Film review – Ghost in the Shell (Rupert Sanders, 2017)

When the live-action remake of Ghost in the Shell was announced, the online rhetoric centred around the fact that the remake was in itself completely unnecessary, whilst also questioning why lead Japanese character Major Kusanagi was being portrayed by Scarlett Johansson. The studios’ responses at the time were that they wanted a bankable star and that was the main reason she was cast, but that word was out there. Whitewashing. Once it’s there, it’s hard to shake.

A similar issue befell the 2011 film Under The Skin, also starring Scarlett Johansson. True, there was no need accusations of racism, but Johansson was cast for similar reasons. It later emerged in an interview with Gemma Arterton that the British actress had been first choice by the director Jonathan Glazer. However, Johansson was eventually cast in order to secure the funding to complete the film to the director’s vision.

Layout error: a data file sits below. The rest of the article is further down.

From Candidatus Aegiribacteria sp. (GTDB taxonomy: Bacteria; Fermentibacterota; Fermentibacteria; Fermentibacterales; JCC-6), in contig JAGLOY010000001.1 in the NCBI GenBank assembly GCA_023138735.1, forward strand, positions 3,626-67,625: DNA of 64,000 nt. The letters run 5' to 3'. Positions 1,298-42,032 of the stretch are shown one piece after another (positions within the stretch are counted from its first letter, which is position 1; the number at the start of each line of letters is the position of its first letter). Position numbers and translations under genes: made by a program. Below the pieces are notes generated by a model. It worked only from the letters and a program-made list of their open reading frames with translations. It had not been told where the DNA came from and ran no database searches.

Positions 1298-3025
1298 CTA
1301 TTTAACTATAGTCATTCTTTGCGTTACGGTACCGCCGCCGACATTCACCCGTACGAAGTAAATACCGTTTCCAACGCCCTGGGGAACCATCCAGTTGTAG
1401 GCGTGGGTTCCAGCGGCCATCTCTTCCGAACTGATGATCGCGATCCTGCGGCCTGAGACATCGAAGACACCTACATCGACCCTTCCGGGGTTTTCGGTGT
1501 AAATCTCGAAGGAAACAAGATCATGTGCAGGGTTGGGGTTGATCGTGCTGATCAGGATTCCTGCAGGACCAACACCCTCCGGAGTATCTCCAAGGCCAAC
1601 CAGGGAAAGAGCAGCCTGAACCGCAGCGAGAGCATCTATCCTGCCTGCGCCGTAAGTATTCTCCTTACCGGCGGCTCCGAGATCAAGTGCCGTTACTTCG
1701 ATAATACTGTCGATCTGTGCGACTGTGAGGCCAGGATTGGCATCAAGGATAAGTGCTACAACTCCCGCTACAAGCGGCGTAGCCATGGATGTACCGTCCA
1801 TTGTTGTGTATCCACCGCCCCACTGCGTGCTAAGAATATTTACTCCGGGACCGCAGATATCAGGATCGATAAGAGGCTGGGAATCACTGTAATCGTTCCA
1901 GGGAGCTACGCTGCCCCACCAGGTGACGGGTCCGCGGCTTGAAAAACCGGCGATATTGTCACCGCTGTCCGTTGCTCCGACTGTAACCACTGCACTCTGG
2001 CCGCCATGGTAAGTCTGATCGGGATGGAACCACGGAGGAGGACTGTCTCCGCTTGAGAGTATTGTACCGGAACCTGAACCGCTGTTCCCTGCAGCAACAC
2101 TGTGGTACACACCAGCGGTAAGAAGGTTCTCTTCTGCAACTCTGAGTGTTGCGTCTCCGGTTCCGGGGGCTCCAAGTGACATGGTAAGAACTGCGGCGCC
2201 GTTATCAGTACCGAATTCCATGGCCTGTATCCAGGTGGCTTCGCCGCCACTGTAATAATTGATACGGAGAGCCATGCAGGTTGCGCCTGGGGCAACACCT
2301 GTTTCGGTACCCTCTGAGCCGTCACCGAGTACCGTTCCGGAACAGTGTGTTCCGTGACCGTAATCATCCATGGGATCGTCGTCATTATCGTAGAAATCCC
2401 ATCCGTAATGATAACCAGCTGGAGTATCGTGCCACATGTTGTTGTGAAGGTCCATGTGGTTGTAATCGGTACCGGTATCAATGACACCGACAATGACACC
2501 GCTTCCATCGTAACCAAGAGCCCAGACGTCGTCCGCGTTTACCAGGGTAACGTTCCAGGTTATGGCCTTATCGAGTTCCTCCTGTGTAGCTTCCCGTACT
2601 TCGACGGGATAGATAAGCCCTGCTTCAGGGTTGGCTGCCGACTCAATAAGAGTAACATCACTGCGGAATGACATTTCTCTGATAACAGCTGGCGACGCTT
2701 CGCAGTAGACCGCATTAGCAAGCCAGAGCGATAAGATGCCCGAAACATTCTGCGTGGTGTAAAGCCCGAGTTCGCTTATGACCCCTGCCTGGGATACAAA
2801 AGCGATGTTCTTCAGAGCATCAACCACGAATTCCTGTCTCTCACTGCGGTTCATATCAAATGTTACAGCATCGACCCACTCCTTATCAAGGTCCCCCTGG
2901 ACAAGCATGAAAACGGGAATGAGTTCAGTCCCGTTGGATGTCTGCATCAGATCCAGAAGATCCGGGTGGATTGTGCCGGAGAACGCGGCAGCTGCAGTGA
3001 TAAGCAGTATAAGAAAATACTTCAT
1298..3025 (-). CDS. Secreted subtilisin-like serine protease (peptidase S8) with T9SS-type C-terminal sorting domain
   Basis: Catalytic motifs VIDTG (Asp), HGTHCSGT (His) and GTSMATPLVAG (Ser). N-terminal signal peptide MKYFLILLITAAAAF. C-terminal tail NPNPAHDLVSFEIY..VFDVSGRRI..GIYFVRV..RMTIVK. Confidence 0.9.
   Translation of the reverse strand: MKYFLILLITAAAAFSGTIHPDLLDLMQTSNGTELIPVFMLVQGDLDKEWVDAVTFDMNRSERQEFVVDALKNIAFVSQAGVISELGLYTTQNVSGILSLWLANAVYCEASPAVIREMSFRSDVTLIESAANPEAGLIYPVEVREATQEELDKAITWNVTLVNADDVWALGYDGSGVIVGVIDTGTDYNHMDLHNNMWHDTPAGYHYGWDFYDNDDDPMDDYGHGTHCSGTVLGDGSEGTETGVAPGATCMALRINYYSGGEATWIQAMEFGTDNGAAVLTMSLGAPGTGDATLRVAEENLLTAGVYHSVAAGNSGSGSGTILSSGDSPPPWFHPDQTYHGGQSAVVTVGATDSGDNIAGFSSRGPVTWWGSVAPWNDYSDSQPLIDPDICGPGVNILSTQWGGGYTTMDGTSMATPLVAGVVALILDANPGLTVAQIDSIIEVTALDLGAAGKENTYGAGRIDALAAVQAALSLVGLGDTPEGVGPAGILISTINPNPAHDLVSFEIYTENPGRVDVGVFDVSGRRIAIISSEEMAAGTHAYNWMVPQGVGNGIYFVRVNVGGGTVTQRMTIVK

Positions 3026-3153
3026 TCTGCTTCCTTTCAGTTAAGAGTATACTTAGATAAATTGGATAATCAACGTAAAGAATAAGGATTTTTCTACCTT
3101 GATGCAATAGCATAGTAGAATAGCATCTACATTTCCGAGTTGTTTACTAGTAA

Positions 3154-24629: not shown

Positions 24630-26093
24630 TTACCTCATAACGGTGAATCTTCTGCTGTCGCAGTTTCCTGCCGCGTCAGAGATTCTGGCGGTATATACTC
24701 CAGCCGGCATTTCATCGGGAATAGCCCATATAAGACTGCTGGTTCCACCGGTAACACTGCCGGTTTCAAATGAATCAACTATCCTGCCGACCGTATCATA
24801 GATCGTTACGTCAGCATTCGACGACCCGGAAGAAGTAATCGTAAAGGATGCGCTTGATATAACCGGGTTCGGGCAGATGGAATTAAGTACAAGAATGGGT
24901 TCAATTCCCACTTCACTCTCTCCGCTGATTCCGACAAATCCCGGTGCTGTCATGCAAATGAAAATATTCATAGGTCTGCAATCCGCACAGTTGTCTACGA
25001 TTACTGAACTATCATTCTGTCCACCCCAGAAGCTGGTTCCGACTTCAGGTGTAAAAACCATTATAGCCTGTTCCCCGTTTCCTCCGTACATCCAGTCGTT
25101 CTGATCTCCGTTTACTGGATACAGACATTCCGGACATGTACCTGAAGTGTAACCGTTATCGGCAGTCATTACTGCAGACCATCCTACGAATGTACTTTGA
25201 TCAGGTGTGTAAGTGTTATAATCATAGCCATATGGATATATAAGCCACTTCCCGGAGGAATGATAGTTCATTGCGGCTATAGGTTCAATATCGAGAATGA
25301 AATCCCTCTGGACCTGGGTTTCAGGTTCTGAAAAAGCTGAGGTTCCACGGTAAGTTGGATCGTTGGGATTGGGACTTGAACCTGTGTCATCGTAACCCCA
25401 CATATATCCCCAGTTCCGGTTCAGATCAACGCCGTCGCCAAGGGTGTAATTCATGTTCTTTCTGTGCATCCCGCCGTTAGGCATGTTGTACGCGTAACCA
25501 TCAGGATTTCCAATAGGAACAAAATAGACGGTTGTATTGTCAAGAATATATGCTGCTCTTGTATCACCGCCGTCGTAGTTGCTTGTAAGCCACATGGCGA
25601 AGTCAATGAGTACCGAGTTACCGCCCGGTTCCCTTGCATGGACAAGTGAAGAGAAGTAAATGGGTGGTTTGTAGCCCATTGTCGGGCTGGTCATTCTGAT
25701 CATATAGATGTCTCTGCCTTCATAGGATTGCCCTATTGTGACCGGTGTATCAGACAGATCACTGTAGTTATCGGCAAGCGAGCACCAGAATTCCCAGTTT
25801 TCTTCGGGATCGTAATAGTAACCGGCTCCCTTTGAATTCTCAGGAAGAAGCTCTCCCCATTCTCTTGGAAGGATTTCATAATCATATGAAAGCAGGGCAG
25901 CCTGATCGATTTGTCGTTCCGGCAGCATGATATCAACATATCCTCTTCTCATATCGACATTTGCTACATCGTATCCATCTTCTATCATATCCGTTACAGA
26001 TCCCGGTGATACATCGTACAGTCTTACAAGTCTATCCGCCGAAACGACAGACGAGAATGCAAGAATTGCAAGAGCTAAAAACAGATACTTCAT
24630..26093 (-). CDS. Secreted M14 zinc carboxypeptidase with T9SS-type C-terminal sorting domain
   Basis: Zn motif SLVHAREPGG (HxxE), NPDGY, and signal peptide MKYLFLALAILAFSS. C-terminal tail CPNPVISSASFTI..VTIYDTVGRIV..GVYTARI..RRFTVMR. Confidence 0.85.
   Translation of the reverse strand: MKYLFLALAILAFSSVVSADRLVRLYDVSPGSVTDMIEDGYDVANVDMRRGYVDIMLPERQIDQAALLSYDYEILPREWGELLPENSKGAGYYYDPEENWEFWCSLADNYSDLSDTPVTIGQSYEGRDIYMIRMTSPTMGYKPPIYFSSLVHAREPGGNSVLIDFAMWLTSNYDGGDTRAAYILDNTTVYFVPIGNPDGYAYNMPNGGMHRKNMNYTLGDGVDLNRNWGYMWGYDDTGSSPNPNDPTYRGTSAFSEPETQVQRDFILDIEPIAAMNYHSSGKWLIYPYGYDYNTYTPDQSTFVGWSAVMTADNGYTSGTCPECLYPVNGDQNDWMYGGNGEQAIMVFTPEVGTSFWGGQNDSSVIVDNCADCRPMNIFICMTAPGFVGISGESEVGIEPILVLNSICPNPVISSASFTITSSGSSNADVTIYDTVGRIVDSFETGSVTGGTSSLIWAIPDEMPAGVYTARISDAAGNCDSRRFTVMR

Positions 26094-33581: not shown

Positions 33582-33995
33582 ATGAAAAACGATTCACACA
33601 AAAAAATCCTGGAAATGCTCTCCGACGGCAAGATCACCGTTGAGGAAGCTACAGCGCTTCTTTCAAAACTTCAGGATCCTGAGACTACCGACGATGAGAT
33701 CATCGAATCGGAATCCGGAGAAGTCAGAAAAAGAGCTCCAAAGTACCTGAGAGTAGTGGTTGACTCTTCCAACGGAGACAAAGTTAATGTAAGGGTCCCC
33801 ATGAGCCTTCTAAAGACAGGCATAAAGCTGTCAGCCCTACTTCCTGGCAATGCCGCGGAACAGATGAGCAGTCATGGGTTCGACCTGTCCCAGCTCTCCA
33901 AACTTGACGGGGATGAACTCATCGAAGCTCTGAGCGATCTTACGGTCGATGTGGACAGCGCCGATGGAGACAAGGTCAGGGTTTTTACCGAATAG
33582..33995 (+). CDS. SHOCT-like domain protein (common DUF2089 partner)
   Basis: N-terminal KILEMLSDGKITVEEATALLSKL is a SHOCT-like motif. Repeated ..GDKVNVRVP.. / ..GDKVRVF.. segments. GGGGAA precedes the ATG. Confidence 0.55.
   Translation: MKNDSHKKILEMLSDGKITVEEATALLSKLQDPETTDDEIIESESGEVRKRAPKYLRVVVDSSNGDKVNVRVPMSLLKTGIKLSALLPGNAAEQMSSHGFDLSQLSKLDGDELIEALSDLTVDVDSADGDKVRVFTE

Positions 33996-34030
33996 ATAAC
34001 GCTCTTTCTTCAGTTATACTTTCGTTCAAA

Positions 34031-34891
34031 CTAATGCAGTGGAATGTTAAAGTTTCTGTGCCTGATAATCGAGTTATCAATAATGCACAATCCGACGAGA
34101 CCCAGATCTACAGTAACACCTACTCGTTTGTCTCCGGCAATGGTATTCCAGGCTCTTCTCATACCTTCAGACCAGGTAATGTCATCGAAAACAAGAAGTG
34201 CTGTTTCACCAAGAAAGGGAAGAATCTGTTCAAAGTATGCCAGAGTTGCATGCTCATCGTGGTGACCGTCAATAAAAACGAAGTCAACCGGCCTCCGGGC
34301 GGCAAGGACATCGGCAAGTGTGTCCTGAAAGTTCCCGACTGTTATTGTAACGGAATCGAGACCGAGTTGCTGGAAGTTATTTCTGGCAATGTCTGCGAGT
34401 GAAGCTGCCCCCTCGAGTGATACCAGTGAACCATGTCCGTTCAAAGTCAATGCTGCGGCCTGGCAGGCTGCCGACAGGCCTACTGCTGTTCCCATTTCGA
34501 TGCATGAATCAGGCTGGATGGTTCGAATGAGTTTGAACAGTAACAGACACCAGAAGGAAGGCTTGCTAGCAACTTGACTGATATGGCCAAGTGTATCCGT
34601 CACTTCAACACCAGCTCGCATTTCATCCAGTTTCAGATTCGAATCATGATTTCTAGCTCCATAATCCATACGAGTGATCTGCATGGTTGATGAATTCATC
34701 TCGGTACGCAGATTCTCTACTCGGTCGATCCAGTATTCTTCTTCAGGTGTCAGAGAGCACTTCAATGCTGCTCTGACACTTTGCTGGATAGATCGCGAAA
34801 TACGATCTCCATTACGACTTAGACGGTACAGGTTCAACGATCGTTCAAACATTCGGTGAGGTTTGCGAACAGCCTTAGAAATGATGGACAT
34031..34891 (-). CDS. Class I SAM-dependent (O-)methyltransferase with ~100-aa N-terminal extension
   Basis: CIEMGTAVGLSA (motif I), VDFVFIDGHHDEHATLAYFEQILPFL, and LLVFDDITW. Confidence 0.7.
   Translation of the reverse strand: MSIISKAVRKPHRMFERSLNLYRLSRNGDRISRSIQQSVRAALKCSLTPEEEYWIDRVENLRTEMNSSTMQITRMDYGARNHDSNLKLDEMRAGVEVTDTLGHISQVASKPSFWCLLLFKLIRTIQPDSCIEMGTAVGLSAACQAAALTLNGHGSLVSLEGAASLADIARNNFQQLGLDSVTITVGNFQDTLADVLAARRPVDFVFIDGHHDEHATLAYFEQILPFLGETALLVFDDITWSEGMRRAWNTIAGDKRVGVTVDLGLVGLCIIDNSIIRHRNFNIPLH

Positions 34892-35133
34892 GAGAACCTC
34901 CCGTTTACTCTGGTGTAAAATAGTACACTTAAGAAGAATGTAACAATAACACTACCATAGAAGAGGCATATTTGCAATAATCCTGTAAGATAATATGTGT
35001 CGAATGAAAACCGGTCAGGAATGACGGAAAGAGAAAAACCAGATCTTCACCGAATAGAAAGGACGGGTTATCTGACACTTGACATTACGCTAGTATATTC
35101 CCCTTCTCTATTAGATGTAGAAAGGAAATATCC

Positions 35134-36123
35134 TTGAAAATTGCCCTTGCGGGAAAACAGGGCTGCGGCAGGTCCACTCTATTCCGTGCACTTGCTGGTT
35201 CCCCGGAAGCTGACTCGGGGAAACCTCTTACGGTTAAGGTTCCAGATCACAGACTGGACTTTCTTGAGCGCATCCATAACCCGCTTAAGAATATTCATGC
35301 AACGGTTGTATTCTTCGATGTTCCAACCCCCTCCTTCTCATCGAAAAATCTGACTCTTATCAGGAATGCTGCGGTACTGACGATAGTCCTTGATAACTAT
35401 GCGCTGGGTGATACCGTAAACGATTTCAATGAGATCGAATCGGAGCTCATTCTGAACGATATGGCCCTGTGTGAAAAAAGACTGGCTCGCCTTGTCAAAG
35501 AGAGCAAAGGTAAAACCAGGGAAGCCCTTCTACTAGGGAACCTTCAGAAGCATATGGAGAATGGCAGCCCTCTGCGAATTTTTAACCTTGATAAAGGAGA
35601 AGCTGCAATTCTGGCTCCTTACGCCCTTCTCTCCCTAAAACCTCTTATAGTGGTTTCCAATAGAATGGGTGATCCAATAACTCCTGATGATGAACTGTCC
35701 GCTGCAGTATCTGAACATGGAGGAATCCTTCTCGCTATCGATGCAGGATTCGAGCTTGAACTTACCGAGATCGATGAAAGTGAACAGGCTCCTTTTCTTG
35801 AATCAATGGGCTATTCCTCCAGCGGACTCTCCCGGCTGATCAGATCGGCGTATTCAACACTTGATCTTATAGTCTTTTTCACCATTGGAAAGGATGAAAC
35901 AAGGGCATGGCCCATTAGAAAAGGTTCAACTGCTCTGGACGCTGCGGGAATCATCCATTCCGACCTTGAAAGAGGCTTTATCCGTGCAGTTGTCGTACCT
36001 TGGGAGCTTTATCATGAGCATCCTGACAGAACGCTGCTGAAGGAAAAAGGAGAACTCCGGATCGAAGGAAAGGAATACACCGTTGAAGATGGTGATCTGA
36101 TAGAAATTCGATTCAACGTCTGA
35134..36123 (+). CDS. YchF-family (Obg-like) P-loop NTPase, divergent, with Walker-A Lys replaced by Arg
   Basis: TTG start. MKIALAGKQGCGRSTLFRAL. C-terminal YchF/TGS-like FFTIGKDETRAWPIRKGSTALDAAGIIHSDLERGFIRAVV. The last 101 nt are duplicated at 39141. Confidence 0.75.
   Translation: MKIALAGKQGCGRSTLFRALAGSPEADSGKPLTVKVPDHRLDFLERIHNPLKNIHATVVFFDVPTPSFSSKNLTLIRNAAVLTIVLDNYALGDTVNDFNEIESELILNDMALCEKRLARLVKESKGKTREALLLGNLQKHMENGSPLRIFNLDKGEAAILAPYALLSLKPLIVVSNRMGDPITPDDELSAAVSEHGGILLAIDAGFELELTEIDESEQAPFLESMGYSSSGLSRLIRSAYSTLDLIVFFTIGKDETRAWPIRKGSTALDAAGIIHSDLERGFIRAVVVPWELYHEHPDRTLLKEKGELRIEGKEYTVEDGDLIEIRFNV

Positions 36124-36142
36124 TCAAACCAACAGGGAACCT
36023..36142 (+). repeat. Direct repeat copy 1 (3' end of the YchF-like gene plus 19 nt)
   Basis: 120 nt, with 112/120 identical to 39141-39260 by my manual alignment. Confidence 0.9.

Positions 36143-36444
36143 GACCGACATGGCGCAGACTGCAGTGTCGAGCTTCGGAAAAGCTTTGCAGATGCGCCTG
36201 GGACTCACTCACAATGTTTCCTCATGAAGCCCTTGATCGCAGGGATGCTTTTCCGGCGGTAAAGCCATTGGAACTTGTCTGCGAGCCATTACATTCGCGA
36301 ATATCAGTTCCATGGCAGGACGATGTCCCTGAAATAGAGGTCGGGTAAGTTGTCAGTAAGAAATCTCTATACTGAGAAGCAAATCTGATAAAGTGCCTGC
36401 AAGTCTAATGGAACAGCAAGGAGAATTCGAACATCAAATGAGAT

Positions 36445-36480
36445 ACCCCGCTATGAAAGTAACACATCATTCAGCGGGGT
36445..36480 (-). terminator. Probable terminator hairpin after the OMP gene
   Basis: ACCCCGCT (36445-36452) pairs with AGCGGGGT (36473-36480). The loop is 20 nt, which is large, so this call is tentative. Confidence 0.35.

In both cases, it is a sad reflection on the current state of cinema and its attitudes towards so-called non-bankable stars. Clearly the studios involved were nervous about a film being able to sell based on a high quality script, good direction and a solid marketing campaign. Instead they brought in Johansson, and presumably part of their reasoning was that they didn’t have faith in the audience to see past the lead character. Perhaps this is correct.

However, in neither case was the film damaged as a result of the casting. Both plots lend themselves to having an otherworldly-essence to the lead female. 

Crucially, Johansson isn’t just a bankable star. She’s a truly phenomenal actress at the top of her game.